Transnational dynamics in post-genocidal restitutions
Taking its starting point from a socio-anthropological study combining biographical interviews, semi-structured interviews and ethnographic observations collected between 2016 and 2018 in Germany, France and the United States among Ovaherero and Nama activists, and also members of different institutions and associations, this article focuses on the question of human remains in the current struggle for recognition and reparation of the genocide of the Ovaherero and Nama from a transnational perspective. First, the text shows the ways in which the memory of human remains can be considered as a driving force in the struggle of the affected communities. Second, it outlines the main points of mismatches of perspective between descendants of the survivors and the responsible museums during past restitutions of human remains from German anthropological collections. Third, the article more closely examines the resources of Ovaherero in the United States in the struggle for recognition and reparation, the recent discovery of Namibian human remains in the American Museum of Natural History in New York City and the questions that it raises.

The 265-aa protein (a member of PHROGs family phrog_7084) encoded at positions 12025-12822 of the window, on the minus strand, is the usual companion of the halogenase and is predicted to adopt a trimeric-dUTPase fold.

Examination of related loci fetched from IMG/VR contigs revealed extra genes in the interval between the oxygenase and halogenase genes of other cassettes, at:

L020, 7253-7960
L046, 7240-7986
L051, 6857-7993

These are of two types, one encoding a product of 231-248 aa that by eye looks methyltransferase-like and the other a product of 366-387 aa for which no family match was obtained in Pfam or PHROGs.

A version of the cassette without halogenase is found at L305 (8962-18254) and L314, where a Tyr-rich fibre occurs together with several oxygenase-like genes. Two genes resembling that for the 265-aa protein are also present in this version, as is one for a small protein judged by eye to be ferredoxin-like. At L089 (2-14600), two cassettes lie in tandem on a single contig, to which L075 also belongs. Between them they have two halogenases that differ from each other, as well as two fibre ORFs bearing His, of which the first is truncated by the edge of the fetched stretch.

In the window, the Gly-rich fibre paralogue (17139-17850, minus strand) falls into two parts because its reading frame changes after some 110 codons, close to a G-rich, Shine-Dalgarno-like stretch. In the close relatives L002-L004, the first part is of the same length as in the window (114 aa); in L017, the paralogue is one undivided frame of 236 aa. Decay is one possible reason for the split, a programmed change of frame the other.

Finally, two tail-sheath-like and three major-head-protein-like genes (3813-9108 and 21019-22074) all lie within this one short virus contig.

Overriding politics and injustices
Vilho Amukwaya Shigwedha
In October 2011, twenty skulls of the Herero and Nama people were repatriated from Germany to Namibia. So far, fifty-five skulls and two human skeletons have been repatriated to Namibia and preparations for the return of more skulls from Germany were at an advanced stage at the time of writing this article. Nonetheless, the skulls and skeletons that were returned from Germany in the past have been disappointingly laden with complexities and politics, to such an extent that they have not yet been handed over to their respective communities for mourning and burials. In this context, this article seeks to investigate the practice of ‘anonymising’ the presence of human remains in society by exploring the art and politics of the Namibian state’s memory production and sanctioning in enforcing restrictions on the affected communities not to perform, as they wish, their cultural and ritual practices for the remains of their ancestors.
Linda Davies and Gemma Shields
Evidence is needed to inform and guide the choices that healthcare organisations make in relation to how budgets are spent. The associated costs and benefits of health treatments are key components of such decisions. An economic evaluation is a way of systematically identifying the costs and benefits of different health activities and comparing these to make an informed decision about the best course of action based on the evidence available. Economic evaluations can also be used to identify uncertainty around the likely costs of a particular health activity and to compare this against a ‘willingness to pay’ threshold, in order to judge their value for money. This chapter examines the key parts of economic evaluations and the data that feed into them, and considers how the results of economic evaluations can be interpreted.